By Timothy Mclaughlin
(Reuters) - The mayor of Louisville, Kentucky, asked a court on Monday to unseal a lawsuit that alleges two members of the city's police department sexually abused a teenager while he was part of a Boy Scout-affiliated youth program.
The lawsuit was filed on Wednesday on behalf of an unnamed man who joined the Louisville Metro Police Youth Explorers program in 2011 when he was 16 years old, according to the man's attorney, David Yates.
Yates has fought to keep the name of the litigant private to protect his identity. He could not be reached for comment late Monday.
The man, who was identified only as N.C., was abused by two members of the Louisville Metro Police Department over a number of years, Yates said. The police run the youth program in affiliation with the Boy Scouts of America.
"The allegations represent an appalling betrayal of trust and abuse of power, and threaten a program that has helped so many young men and women interested in becoming police officers and law enforcement leaders," Mayor Greg Fischer said in a statement on Monday.
"To restore the public's trust in this program, the proceedings must be as open as the courts will allow."
The explorer program was also being suspended, Fischer said.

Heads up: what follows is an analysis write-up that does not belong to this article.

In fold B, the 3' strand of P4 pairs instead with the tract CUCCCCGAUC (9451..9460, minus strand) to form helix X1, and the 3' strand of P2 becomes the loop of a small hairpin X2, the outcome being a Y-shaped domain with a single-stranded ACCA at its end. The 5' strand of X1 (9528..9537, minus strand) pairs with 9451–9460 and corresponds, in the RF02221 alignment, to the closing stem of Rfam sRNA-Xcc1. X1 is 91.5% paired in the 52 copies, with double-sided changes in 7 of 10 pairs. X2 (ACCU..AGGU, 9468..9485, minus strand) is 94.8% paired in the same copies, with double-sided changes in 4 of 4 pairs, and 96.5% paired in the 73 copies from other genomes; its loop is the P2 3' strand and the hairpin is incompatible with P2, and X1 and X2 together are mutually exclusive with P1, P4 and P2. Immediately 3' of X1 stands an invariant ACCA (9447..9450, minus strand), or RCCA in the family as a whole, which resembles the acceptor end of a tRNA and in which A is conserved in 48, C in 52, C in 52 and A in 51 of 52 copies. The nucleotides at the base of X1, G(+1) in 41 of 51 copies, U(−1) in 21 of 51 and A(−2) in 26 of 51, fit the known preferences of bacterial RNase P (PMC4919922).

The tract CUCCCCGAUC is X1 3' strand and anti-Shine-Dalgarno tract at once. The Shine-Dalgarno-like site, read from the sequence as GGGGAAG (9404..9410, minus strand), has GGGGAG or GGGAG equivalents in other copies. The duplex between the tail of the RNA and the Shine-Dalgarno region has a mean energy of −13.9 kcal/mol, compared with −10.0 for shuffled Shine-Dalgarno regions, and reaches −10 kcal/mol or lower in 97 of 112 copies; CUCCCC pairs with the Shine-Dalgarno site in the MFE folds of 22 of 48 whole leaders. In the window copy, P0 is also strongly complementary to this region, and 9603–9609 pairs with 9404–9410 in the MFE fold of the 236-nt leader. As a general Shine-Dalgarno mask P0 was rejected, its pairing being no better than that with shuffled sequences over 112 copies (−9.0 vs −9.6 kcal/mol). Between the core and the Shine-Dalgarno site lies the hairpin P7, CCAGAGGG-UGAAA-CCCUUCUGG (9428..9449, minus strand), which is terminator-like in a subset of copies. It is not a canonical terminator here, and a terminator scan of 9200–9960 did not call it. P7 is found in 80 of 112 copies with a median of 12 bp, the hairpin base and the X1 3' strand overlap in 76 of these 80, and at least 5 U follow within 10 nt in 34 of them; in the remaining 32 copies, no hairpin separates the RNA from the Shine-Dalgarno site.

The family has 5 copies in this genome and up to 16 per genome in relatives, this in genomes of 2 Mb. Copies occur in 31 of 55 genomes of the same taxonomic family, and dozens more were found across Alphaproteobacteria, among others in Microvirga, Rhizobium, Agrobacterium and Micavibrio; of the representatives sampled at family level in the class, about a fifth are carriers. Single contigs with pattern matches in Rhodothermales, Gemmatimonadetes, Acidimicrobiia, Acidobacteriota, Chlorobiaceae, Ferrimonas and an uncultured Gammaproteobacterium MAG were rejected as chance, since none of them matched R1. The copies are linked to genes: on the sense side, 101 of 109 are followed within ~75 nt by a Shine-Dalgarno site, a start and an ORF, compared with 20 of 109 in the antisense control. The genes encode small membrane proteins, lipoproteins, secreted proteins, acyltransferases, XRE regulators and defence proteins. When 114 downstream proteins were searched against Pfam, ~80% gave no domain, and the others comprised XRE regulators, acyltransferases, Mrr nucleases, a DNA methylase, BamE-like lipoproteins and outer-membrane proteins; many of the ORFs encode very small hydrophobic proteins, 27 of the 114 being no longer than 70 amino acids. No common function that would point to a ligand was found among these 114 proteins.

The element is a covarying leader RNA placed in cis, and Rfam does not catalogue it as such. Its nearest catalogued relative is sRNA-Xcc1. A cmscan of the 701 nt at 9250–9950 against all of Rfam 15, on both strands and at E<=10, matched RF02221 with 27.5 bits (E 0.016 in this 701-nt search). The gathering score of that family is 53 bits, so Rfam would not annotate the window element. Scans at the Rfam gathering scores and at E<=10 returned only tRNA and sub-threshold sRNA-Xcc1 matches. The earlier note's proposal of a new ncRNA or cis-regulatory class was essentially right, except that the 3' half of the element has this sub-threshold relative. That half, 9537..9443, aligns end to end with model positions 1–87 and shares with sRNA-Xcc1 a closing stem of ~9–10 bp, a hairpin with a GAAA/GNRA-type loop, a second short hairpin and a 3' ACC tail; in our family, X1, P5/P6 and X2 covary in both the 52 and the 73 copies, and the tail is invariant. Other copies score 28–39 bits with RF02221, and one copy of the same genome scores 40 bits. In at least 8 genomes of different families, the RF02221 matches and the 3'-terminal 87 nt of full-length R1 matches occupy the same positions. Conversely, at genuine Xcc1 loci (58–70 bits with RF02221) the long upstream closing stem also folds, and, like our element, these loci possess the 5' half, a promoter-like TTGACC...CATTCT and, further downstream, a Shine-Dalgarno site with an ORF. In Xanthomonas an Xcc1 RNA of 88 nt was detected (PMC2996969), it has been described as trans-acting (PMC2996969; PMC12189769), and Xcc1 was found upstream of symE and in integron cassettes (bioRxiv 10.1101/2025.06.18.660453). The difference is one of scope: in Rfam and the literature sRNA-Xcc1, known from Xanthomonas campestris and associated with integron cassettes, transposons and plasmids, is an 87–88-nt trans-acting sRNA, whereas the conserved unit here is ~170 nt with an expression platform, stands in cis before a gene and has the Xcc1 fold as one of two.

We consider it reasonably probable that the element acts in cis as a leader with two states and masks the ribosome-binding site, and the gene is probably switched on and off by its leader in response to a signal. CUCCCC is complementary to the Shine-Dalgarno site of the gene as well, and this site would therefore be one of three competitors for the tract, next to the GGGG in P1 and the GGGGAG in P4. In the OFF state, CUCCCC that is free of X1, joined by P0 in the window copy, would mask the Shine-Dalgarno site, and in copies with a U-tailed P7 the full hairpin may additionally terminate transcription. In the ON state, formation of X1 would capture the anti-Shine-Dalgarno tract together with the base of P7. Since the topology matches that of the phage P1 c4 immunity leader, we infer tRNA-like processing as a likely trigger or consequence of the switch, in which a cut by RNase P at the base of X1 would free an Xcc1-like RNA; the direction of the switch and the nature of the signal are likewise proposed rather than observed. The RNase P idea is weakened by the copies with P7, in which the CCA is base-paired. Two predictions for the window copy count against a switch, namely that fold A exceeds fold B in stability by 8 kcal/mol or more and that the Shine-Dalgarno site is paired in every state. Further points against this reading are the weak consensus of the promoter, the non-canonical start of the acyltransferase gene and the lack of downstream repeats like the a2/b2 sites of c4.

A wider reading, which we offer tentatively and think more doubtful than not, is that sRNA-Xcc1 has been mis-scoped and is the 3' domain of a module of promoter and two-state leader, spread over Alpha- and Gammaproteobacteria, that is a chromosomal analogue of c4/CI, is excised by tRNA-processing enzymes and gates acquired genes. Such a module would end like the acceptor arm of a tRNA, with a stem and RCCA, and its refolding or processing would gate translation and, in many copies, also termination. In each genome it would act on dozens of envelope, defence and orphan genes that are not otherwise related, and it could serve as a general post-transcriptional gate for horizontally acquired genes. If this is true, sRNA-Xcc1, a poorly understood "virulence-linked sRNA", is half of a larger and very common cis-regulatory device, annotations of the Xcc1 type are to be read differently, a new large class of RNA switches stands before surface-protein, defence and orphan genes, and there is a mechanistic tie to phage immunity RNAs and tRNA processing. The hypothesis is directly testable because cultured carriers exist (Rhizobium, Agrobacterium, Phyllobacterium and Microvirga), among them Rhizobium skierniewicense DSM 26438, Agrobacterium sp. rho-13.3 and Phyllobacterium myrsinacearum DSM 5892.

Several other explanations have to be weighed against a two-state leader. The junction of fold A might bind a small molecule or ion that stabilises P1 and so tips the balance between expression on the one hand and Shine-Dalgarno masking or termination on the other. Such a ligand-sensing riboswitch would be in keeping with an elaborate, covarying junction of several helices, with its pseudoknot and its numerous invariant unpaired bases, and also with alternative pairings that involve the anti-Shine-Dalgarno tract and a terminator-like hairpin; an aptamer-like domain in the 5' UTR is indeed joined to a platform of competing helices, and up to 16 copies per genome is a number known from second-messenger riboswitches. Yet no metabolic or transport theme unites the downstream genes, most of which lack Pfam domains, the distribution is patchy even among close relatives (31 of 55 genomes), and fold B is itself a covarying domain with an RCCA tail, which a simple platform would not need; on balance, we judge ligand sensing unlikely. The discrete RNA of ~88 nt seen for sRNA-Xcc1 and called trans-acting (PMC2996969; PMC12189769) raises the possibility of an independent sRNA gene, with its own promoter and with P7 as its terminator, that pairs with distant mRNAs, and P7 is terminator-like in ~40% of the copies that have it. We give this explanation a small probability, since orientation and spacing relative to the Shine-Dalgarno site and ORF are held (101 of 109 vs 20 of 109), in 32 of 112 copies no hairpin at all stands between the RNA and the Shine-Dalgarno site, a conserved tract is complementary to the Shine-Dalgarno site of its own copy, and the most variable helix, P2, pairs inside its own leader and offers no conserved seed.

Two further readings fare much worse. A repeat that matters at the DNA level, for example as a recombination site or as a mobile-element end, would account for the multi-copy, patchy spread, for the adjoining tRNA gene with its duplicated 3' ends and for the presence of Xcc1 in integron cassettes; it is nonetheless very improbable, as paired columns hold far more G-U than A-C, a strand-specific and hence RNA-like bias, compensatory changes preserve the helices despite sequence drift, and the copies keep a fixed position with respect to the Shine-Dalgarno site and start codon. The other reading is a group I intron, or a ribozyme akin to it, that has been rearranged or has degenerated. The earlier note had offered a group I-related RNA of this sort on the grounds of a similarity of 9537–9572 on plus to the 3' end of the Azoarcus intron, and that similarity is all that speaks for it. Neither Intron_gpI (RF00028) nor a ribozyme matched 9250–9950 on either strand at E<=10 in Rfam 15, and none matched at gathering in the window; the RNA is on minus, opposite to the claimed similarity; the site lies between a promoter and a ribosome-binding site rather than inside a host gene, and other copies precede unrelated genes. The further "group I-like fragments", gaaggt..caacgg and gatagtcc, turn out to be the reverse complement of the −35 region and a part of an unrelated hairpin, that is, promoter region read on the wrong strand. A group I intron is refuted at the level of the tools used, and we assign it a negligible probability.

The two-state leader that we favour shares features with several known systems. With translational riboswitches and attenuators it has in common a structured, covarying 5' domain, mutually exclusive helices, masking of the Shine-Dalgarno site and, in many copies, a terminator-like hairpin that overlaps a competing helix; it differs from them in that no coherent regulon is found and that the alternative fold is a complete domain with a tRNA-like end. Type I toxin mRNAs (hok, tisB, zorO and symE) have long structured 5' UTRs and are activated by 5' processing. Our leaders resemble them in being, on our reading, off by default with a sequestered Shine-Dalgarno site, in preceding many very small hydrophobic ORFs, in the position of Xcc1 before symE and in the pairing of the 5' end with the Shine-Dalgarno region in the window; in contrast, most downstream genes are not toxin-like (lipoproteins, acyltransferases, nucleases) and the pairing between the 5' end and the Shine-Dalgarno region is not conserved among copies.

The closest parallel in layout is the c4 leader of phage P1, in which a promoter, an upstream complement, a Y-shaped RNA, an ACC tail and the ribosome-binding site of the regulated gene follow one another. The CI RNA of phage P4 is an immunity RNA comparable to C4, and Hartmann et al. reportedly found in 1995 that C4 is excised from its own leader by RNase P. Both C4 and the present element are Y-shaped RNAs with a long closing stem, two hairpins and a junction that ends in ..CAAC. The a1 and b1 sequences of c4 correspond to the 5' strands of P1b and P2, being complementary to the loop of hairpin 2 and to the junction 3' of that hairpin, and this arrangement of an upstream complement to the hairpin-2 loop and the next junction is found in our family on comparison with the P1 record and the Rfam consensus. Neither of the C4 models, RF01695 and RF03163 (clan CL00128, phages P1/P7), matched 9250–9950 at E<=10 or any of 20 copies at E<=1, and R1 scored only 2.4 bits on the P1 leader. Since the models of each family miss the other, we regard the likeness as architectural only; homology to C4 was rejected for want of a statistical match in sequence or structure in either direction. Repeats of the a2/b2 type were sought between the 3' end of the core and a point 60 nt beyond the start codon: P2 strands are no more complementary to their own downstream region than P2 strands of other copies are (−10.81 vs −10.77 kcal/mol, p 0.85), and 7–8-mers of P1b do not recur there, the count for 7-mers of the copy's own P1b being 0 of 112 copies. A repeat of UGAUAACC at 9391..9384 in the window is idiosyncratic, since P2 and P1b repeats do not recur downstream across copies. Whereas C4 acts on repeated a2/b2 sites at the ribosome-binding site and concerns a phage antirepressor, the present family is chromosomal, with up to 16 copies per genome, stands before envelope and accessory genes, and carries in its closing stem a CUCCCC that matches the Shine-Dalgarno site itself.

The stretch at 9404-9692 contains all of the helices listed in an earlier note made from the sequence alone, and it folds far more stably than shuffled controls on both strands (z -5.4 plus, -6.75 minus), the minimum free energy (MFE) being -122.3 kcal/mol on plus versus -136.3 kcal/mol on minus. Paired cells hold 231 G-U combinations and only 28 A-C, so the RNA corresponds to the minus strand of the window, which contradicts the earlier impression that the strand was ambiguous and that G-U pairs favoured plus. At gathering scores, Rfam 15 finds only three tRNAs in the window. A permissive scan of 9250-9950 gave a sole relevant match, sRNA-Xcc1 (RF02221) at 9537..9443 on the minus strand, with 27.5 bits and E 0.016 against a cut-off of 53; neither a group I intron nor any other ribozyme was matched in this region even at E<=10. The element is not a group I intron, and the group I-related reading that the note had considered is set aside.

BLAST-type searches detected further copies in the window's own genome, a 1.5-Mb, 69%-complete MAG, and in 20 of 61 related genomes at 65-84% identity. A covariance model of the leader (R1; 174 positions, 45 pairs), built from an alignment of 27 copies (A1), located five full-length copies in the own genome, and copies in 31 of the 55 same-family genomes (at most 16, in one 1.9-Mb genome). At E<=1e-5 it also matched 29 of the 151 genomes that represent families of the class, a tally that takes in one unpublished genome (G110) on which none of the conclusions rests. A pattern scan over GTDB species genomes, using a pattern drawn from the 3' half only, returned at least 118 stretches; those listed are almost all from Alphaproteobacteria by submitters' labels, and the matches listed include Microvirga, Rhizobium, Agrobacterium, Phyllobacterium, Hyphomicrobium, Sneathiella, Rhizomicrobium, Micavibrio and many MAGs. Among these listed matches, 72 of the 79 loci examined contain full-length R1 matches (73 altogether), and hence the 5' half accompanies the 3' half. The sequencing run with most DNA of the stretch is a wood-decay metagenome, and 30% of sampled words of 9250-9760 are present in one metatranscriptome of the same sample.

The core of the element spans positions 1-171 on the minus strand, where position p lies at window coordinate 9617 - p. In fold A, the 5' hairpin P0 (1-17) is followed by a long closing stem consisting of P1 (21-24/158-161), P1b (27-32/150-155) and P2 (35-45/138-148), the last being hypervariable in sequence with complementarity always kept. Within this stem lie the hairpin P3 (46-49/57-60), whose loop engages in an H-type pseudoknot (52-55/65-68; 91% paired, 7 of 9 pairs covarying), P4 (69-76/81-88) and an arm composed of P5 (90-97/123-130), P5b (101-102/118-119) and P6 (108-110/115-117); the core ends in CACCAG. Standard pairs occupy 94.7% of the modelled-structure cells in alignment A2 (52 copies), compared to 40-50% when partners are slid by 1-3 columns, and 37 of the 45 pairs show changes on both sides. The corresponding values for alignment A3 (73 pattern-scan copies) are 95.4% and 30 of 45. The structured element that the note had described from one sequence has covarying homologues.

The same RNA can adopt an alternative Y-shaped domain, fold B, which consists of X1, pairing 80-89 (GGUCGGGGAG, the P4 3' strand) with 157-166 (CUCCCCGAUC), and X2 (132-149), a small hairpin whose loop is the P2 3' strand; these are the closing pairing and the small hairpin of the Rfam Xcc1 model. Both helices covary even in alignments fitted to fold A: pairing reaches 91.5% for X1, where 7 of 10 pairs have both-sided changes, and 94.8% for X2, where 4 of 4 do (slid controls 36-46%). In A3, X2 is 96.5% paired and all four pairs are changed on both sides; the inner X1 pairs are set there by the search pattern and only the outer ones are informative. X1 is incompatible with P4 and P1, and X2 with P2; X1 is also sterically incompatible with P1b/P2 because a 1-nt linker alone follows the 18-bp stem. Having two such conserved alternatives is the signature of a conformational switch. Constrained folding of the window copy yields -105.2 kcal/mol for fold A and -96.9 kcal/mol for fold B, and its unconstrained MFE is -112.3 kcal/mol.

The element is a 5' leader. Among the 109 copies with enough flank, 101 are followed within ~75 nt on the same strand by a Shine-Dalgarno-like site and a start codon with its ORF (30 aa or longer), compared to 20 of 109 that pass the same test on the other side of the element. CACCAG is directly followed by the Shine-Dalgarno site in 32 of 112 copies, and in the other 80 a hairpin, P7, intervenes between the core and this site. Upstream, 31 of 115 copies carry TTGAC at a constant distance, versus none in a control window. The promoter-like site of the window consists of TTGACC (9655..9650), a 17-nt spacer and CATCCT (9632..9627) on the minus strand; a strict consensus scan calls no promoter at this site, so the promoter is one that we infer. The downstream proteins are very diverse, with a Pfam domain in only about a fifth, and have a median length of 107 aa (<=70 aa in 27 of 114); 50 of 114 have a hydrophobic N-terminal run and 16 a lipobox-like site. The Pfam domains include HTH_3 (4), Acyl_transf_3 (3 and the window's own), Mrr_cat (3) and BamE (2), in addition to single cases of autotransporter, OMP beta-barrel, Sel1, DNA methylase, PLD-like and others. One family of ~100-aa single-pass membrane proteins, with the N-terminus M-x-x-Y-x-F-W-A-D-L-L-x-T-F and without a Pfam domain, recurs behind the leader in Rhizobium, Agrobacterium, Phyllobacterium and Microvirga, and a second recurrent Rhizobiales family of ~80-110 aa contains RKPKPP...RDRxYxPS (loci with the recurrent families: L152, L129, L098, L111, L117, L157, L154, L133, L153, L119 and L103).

The Louisville police department and the Boy Scouts did not immediately respond to requests for comment.
Yates asked for the lawsuit to be sealed by Jefferson Circuit Judge Judith McDonald-Burkman and declined give specifics of the case, including the names of the officers.
"We are up against a mountain," Yates said in a telephone call on Monday morning. "We have sued the police department and people of powerful authority."
Two police officers are among the seven defendants in the case, according to Yates, who said his client was abused from 2011 through 2013.
One officer had resigned and another was reassigned to desk duty, Yates said.
A copy of the 25-page complaint obtained by the Courier-Journal newspaper alleges that the youth was raped and sexually abused by two officers in their homes and police vehicles.
The episodes were recorded and used to make pornography, the newspaper said.
The youth program is open to anyone aged 14 to 19 who is interested in a career in law enforcement, according to an online brochure.
The defendants concealed evidence of the abuse, the Courier-Journal reported, citing the complaint.
(Reporting by Timothy Mclaughlin in Chicago; Editing by Richard Chang)